Contact A Lawyer
Have A Potential Case Reviewed By An Attorney
Coloplast Corp has reportedly reached an agreement to settle vaginal mesh and bladder sling lawsuits brought by women who allege they suffered severe and debilitating complications after receiving the pelvic repair products.
According to a report by Bloomberg News this week, the Coloplast mesh settlement calls for the manufacturer to pay about $16 million to resolve an estimated 400 cases.
There are currently at least 1,155 Coloplast mesh lawsuits pending in the federal court system, which have been centralized before U.S. District Judge Joseph Goodwin in the Southern District of West Virginia as part of an MDL, or Multidistrict Litigation.
Judge Goodwin currently presides over more than 50,000 product liability lawsuits brought against different manufacturers of vaginal mesh and bladder sling products in the federal court system, including at least 13,292 AMS mesh lawsuits, 12,992 Ethicon Gynecare mesh lawsuits, 7,617 Boston Scientific mesh lawsuits, 6,172 Bard Avaulta mesh lawsuits, 152 Cook Medical mesh lawsuits and 21 Neomedic mesh lawsuits.
All of the complaints raise similar allegations that design problems associated with the pelvic repair products caused women to suffer painful and debilitating injuries when the mesh eroded through the vagina, caused infections and other complications. The vaginal mesh and bladder slings have been used in recent years for transvaginal repair of pelvic organ prolapse (POP) and female stress urinary incontinence (SUI).
The Coloplast settlement agreement was reportedly reached in January, sources told Bloomberg, and talks continue with a number of other manufacturers in an attempt to settle vaginal mesh lawsuits without the need for thousands of lengthy and expensive trials.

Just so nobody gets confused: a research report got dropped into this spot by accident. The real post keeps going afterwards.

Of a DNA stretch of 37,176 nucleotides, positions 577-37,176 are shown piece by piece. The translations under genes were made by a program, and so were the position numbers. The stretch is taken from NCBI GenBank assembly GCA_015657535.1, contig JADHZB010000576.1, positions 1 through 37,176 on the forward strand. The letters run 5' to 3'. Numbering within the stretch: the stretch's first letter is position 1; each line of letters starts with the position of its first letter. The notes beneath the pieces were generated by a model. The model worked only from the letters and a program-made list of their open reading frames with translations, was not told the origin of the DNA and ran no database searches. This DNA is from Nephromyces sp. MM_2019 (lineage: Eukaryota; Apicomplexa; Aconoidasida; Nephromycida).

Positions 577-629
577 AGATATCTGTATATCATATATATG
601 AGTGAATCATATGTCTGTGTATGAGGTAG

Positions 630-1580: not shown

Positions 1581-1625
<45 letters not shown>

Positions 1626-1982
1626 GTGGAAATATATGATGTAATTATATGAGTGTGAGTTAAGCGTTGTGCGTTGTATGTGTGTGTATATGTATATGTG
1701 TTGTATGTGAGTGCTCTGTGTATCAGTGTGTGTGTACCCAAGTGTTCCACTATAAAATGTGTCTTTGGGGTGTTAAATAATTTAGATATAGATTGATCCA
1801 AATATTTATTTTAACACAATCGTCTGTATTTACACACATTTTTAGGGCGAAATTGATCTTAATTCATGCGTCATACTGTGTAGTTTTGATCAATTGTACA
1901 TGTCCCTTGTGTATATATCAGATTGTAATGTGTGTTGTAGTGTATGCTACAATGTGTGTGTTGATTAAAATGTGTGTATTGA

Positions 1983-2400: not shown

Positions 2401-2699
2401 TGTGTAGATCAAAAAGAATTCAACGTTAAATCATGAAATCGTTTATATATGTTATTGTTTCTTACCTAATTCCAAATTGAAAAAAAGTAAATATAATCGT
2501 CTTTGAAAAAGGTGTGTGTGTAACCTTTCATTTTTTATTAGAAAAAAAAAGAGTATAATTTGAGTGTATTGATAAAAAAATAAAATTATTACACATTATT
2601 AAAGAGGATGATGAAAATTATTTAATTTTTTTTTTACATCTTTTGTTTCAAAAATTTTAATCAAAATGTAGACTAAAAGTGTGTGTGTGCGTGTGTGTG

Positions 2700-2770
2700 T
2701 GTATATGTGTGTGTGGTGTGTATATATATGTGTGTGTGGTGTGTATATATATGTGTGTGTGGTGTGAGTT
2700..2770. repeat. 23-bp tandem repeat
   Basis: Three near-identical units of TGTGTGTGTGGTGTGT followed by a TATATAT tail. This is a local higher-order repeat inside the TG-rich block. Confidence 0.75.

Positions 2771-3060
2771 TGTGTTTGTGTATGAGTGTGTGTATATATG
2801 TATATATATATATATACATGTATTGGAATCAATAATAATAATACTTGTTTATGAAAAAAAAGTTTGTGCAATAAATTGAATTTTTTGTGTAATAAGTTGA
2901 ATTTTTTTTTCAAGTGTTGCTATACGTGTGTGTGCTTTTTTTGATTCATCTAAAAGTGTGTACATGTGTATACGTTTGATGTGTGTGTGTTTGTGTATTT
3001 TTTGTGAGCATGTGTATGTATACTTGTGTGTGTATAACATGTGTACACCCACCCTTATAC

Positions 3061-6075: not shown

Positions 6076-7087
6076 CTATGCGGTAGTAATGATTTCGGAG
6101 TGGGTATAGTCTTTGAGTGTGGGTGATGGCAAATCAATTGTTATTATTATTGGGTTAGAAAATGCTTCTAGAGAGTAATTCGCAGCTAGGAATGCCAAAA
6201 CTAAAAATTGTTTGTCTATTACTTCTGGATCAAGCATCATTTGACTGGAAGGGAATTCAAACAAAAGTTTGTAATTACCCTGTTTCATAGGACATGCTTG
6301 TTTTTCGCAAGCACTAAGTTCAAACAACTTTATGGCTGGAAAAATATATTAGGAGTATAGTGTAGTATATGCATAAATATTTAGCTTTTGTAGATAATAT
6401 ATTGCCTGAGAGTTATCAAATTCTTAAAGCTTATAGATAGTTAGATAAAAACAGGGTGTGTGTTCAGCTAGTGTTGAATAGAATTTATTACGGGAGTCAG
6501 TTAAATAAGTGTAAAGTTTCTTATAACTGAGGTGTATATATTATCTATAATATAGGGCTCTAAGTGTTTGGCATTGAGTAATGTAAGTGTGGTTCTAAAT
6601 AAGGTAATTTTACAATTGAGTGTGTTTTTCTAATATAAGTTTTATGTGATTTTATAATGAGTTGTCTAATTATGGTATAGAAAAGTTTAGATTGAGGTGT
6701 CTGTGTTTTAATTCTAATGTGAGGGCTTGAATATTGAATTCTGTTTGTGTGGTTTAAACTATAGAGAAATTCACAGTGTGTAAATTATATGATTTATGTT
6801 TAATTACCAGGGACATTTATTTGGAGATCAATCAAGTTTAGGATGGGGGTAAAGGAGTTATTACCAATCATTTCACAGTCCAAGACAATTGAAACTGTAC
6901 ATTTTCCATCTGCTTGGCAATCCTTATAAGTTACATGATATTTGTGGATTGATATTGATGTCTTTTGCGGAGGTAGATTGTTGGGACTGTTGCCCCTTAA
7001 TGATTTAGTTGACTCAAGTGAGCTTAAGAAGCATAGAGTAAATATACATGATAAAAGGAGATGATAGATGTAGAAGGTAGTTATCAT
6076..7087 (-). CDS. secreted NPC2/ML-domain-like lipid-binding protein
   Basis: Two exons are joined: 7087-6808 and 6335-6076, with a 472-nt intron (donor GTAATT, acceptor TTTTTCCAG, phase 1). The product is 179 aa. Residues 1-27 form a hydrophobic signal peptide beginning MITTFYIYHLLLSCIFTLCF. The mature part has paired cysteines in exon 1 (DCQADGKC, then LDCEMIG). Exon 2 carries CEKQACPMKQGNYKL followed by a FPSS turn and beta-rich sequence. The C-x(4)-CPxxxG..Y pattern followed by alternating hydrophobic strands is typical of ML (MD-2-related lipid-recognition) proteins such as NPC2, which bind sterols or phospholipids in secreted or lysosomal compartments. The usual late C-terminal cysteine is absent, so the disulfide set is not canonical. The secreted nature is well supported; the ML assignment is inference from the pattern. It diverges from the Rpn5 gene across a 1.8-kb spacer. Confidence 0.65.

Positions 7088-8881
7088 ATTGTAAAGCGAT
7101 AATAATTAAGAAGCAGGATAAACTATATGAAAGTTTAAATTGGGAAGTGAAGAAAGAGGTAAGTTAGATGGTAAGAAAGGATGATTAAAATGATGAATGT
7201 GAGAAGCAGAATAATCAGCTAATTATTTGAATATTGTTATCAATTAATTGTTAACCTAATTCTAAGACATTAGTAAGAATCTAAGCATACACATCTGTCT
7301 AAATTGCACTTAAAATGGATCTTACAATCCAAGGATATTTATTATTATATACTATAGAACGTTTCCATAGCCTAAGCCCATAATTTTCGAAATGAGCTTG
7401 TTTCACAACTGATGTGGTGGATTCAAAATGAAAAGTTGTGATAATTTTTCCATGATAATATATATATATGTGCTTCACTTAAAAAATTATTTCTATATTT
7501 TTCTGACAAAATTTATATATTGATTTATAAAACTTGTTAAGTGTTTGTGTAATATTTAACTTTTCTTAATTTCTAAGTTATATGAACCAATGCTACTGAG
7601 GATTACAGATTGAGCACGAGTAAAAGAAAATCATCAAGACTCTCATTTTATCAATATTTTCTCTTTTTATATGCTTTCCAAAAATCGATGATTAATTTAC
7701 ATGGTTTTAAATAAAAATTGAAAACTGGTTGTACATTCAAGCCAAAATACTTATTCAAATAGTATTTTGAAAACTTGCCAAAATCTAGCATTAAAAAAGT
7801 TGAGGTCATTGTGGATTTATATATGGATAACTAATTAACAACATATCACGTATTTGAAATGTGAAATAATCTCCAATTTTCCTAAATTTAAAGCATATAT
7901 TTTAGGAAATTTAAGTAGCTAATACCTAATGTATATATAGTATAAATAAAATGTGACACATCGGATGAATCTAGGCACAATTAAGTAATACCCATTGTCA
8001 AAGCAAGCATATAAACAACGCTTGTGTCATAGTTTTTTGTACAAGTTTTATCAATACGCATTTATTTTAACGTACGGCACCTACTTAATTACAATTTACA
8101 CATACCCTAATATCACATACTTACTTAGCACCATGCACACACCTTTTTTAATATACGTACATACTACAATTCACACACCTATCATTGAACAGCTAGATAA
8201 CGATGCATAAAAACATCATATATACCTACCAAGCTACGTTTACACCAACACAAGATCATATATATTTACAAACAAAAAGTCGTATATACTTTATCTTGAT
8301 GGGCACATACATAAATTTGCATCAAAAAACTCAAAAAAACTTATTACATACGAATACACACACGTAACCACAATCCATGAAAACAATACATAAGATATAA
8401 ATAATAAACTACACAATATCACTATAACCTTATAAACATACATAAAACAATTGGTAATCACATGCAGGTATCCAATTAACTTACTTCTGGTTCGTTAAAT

Vaginal Mesh Trials
As part of the coordinated pretrial proceedings in the vaginal mesh litigation, Judge Goodwin has scheduled a series of early trial dates involving cases filed against C.R. Bard, Ethicon, Boston Scientific and AMS.
Known as “bellwether” trials, these early test cases are designed to help the parties gauge how juries are likely to respond to certain evidence and testimony that will be repeated throughout a number of similar cases. While the outcomes of these bellwether cases are not binding on other claims, they may lead to more vaginal mesh settlements.
At least five pelvic mesh cases have already gone before juries, with two cases going before state court juries and three cases proceeding to trial in federal court. In July 2012, a California state court jury awarded $5.5 million in damages against C.R. Bard and a New Jersey state court jury awarded $11.1 million in damages against Ethicon in March 2013.
In July 2013, a federal jury awarded $2 million in damages against Bard, including punitive damages designed to punish the manufacturer for their actions surrounding the design and sale of Avaulta pelvic mesh products. A second Bard case settled during the first day of trial for an undisclosed sum.
Last month, Judge Goodwin entered a defense verdict in an Ethicon bellwether trial, granting the manufacturer’s motion for judgment as a matter of law following the plaintiff’s case after the Court found that insufficient evidence had been presented for the jury to find that a defect in the mesh was the cause of that plaintiff’s injury.
Additional vaginal mesh trials are scheduled throughout the rest of this year. If agreements are not reached to resolve a large portion of the litigation following the bellwether trials, Judge Goodwin may begin remanding individual cases back to the U.S. District Courts where they were originally filed for trial dates across the country.